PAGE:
In the late 1950s, Dr. Manley Natland, a passionate, lifelong geologist working for the Richfield Oil Corporation, hatched a gonzo idea to harness the
power of a nuclear explosion for the benefit of bitumen extraction in Alberta’s oil sands. He proposed a plan to plant an atomic bomb deep below the oil
sands, set it off and start pumping the oil freed up by the intense heat of the explosion.
At the time, excavation of the Alberta oil sands was moving at a measured pace. Bitumen extraction was in its early days; people thought traditional mining
could recover only about five per cent of all extractable oil. In situ methods in the oil sands were still unproven, with the concept of steam-assisted
extraction considered a radical and costly concept to apply.
In the vaporizing power of a nuclear explosion, however, Natland saw the potential for a cleaner, safer and more economic bitumen extraction method. He
spoke persuasively of his “eureka” moment: sitting in a desert in Saudi Arabia, watching the setting sun crest the horizon, “sinking” its nuclear energy
deep underground. The image proved impossible to shake.
Natland’s pilot plan provided for a single nine-kiloton (KT) test explosion (Hiroshima and Nagasaki are estimated to have been 15KT and 21KT, respectively)
to be detonated six metres below the Beaverhill Lake Limestone layer – 372 metres underground – at a well site in Pony Creek, near the town of Chard,
roughly 100 kilometres southeast of Fort McMurray. Natland estimated the explosion would generate nine trillion calories of heat, which would vaporize the
rock and create a cavernous underground well, with the bitumen superheated to a liquid slurry – all the easier to be extracted through traditional means.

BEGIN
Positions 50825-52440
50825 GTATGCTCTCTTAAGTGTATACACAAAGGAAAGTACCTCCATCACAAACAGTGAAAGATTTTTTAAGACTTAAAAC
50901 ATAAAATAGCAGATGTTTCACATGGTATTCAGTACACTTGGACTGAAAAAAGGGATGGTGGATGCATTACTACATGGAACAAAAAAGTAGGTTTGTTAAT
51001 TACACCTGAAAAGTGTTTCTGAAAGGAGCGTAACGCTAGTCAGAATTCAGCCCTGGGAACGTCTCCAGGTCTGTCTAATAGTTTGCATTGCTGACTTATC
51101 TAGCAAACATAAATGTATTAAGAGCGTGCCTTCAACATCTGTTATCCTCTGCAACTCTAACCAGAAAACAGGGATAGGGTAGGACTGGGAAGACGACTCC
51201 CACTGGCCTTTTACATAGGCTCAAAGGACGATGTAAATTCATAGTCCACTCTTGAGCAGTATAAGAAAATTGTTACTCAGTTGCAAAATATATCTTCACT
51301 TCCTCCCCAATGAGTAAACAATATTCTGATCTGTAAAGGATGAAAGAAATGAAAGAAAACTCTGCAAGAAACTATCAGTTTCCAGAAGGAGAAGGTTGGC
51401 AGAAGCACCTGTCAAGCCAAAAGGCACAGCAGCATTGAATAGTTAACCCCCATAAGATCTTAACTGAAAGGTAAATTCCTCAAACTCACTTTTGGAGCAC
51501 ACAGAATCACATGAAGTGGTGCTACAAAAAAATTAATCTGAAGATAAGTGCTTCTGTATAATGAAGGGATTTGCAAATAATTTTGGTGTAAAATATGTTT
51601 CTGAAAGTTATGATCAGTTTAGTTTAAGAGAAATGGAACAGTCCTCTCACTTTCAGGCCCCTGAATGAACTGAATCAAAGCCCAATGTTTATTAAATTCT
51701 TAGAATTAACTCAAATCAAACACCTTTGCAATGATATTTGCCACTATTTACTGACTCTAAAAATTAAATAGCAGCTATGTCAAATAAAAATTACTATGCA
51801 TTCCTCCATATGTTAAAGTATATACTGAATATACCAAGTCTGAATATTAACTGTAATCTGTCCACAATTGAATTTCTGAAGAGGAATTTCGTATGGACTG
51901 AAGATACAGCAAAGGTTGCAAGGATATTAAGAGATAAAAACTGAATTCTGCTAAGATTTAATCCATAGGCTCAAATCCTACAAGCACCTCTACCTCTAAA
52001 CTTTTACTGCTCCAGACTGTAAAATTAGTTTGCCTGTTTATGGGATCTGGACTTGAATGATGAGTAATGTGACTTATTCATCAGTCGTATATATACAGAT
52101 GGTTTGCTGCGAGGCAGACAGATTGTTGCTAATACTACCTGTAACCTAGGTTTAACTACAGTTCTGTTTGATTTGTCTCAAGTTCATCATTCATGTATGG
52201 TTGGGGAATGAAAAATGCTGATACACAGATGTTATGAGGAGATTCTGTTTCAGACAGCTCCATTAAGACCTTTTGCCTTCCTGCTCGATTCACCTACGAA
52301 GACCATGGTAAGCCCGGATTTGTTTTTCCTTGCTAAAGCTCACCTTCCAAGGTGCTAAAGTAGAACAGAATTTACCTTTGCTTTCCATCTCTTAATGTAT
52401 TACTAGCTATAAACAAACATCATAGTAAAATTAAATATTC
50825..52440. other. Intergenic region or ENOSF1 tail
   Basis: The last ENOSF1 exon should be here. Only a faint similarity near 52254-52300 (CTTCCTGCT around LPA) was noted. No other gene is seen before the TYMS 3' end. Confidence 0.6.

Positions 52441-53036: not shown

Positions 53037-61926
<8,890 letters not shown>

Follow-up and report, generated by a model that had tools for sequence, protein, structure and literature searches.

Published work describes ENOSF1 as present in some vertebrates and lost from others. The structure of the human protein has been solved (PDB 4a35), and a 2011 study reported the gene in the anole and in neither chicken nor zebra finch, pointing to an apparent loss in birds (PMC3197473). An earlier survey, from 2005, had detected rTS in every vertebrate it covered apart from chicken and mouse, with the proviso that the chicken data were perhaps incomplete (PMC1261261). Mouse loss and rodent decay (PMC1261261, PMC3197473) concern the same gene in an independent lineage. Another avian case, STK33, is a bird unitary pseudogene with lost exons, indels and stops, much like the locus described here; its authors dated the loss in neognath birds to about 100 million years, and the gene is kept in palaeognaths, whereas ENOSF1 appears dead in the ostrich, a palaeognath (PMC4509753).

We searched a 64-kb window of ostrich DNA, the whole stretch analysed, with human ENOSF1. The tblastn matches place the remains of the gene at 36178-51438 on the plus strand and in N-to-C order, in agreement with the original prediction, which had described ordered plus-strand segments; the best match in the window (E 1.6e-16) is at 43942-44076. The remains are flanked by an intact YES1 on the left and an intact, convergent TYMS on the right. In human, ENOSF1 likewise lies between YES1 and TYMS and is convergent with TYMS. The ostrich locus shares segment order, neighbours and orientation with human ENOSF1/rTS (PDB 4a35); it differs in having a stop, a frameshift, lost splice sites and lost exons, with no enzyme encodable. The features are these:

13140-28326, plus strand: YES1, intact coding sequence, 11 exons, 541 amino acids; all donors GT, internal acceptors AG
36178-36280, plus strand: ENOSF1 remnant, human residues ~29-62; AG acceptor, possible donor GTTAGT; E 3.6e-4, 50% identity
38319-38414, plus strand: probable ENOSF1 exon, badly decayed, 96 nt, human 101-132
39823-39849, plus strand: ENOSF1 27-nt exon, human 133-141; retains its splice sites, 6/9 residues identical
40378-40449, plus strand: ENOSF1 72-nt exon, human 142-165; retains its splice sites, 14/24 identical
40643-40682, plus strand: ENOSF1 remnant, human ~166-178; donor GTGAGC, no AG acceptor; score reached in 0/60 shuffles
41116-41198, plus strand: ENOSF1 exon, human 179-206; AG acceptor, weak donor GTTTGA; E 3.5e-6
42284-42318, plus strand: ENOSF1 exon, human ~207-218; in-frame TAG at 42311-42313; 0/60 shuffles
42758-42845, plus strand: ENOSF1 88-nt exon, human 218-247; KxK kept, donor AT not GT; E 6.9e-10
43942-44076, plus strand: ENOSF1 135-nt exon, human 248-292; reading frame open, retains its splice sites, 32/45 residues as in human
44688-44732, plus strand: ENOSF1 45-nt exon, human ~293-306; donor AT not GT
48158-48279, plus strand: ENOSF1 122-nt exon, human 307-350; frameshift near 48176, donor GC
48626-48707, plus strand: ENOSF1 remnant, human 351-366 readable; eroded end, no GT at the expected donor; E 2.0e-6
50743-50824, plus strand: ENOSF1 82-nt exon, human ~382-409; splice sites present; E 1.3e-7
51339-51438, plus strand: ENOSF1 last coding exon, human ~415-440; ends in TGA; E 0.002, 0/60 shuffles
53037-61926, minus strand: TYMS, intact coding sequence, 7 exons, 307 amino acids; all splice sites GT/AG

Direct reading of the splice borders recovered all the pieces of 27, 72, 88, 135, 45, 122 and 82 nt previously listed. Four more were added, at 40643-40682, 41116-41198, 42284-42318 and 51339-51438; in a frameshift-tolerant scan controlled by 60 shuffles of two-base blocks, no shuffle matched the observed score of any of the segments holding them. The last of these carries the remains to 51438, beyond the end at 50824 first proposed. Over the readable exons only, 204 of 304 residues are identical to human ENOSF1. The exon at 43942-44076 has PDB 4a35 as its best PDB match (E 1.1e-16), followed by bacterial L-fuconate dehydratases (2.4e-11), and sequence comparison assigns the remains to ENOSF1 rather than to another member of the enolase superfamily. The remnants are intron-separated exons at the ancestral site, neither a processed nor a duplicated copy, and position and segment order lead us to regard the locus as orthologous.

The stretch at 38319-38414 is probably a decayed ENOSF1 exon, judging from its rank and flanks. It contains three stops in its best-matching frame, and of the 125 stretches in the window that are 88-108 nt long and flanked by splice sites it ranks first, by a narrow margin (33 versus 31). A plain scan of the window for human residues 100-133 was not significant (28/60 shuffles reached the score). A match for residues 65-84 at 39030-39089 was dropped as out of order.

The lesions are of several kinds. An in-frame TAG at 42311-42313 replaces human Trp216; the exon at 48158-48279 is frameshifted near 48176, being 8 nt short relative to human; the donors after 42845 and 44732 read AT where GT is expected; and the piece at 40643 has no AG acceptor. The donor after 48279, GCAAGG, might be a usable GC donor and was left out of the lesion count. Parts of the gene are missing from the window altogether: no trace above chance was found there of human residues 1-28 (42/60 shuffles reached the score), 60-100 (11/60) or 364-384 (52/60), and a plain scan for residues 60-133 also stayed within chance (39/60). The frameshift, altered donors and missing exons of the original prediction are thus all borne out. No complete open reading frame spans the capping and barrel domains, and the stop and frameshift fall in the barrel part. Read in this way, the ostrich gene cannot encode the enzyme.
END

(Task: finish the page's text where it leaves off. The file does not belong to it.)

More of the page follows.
Dubbed “Project Oilsand,” Natland proposed detonating multiple bombs along an oil sands formation, “thus establishing across the entire horizon of the
formation a multiplicity of heated areas, thereby stripping the petroleum from the entire formation.”
Imperial Oil owned the land proposed for the project. Backed by the U.S. Atomic Energy Commission, which had been looking for projects that promoted the
peaceful use of nuclear energy, it approached Alberta Premier Ernest C. Manning in June 1958. He enthusiastically appointed a committee of high-level
provincial bureaucrats to oversee the proposal, including Alberta’s Economic Affairs and Mines and Minerals ministers.
Despite efforts to downplay the risk of the project, the plan to detonate the bomb in an isolated area sparked genuine fear. The town of Chard, with its 12
residents, was just 10 kilometres northwest of the site. The plan for a test explosion was approved by both Alberta’s technical committee and the Federal
Mines Department in 1959, but in the meantime the growing tension of the Cold War dampened the enthusiasm for nuclear explosions of any kind. In the midst
of a rapidly changing political climate, planning for the detonation of U.S.-owned nuclear weapons under Canadian soil proved too controversial; the
Nuclear Non-Proliferation Treaties of the 1960s were the scheme’s ultimate undoing.
Vestiges of the plan linger, however. Natland filed a patent on January 3, 1958 – not officially approved until October 26, 1965 – which called not for the
use of a nuclear bomb but instead of a nuclear reactor. The concept was to involve “nuclear reactors which are operational below the surface of the earth,”
with the reactors providing heat-generative support to the extraction systems we are accustomed to today. Recently, Toshiba Corporation has been
developing its line of “4S” nuclear reactors – “Super Safe, Small and Simple” – as a potential means to power steam extraction in the oil sands.
And so, while Natland’s ambitious plan was eventually buried, the decades-old atomic approach to bitumen extraction may yet prove its worth to Alberta’s